Why So Emotional?
There is a revolution in the science of emotion taking place. It is creating a fundamental shift in thinking about how people make decisions. Today, we recognize that emotions constitute a powerful predictor of decision-making, judgement and choice. How one feels has a greater impact on decision-making than rationale thinking.
Until 20 years ago, few researchers paid much attention to the role of emotions in decision-making. Today, many psychologists now assume that emotions are the dominant driver of our most meaningful decisions in life.
Medical science has proven that 95% of our mental activity is subconscious. We feel before we think, and we buy emotionally. Our emotional brain sends 10 times as much information to our rational brain for processing.
What people remember about a customer experience is determined by the emotions created in specific moments—defining moments along their journey. People judge experiences largely based on the intensity of emotions at these defining moments along their customer experience journey.
To use emotions effectively, we must discriminate between different feelings and label them appropriately. There are six emotions which are universally recognized and easily interpreted through facial expressions, regardless of language or culture. They are: happiness, sadness, fear, anger, surprise and disgust. Even the mind of a dog experiences these six emotions roughly equivalent to that of a two or three year old child.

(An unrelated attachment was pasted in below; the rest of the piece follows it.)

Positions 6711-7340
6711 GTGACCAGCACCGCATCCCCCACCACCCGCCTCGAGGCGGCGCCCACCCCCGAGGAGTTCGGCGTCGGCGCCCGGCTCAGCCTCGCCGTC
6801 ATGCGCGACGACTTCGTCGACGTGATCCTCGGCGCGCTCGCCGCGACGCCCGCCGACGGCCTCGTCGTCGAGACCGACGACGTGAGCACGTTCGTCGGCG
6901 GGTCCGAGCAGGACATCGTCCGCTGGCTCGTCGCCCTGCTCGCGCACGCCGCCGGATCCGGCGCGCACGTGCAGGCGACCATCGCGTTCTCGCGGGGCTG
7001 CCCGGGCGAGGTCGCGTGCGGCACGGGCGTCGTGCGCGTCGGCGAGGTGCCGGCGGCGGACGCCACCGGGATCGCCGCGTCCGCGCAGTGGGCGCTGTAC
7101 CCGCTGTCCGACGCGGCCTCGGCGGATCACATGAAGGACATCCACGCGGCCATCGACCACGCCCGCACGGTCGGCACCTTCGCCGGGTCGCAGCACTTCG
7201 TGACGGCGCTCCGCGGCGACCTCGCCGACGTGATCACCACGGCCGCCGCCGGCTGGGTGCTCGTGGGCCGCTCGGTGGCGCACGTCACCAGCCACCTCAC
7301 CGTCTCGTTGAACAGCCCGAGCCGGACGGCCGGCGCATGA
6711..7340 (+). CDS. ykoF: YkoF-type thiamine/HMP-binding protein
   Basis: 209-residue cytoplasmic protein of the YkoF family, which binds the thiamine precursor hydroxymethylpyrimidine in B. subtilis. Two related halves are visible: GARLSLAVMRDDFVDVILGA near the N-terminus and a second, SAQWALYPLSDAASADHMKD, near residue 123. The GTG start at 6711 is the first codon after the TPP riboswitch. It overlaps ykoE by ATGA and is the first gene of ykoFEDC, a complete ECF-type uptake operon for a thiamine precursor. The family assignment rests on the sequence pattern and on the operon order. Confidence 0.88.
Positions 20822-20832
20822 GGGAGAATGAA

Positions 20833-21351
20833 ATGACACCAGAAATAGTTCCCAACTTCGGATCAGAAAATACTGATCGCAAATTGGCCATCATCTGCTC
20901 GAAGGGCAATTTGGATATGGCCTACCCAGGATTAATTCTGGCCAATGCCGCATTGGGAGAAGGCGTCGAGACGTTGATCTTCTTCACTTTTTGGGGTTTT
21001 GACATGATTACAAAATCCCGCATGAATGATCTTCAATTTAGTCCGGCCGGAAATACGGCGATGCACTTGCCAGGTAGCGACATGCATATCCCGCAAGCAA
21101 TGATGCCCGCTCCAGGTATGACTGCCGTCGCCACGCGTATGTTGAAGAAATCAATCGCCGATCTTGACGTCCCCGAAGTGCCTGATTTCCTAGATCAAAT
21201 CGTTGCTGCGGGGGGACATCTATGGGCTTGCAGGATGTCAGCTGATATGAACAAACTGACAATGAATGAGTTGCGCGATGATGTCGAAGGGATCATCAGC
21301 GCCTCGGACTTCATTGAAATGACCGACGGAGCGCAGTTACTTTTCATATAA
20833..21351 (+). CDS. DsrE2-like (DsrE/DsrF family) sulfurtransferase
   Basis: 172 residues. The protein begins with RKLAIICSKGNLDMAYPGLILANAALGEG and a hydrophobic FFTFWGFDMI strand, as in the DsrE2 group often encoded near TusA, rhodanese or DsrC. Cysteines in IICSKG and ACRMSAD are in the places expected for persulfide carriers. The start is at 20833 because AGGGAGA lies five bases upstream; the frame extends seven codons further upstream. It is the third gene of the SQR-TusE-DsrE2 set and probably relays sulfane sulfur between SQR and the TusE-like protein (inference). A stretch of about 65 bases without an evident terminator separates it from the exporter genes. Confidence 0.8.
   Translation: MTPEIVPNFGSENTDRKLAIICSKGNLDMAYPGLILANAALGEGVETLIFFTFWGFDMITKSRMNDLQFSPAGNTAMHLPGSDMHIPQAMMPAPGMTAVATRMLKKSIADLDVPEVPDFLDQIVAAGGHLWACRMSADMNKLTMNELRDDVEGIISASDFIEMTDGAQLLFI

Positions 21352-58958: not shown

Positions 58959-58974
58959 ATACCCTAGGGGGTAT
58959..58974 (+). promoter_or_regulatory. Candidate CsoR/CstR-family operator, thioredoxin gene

Our capacity to recognize the feelings of others is based on our ability to see ourselves in others. We tend to be more empathic to those who are similar to ourselves in culture and background. To perceive emotions one must have the ability to detect and decipher emotional expressions in faces, pictures, and voices.
In January, Apple acquired a company called Emotient, makers of artificial intelligence software that analyzes facial expressions to determine a consumer’s emotional state. Apple wants to learn about a consumers’ state of mind as they emotionally respond to product experiences or branding messages.
Branding is fundamentally about the emotional connection a customer has with a product. By definition, branding is the prediction of what to expect multiplied by the emotional power of that experience. It is a marketer’s most advanced emotional tool.
Understanding emotions also impacts innovation and product design. Successful San Francisco innovator, Jane Chen said it best: “The essence of design is empathy”. When teams work together to co-create a new product or service, they must understand how to fulfill the needs, desires and circumstances of those they are trying to serve.
Discriminating between different emotions during customer interactions is an important first step towards using emotional indicators to improve the customer experience. Examining the intensity of these emotional expressions can be a powerful indicator of customer experience success.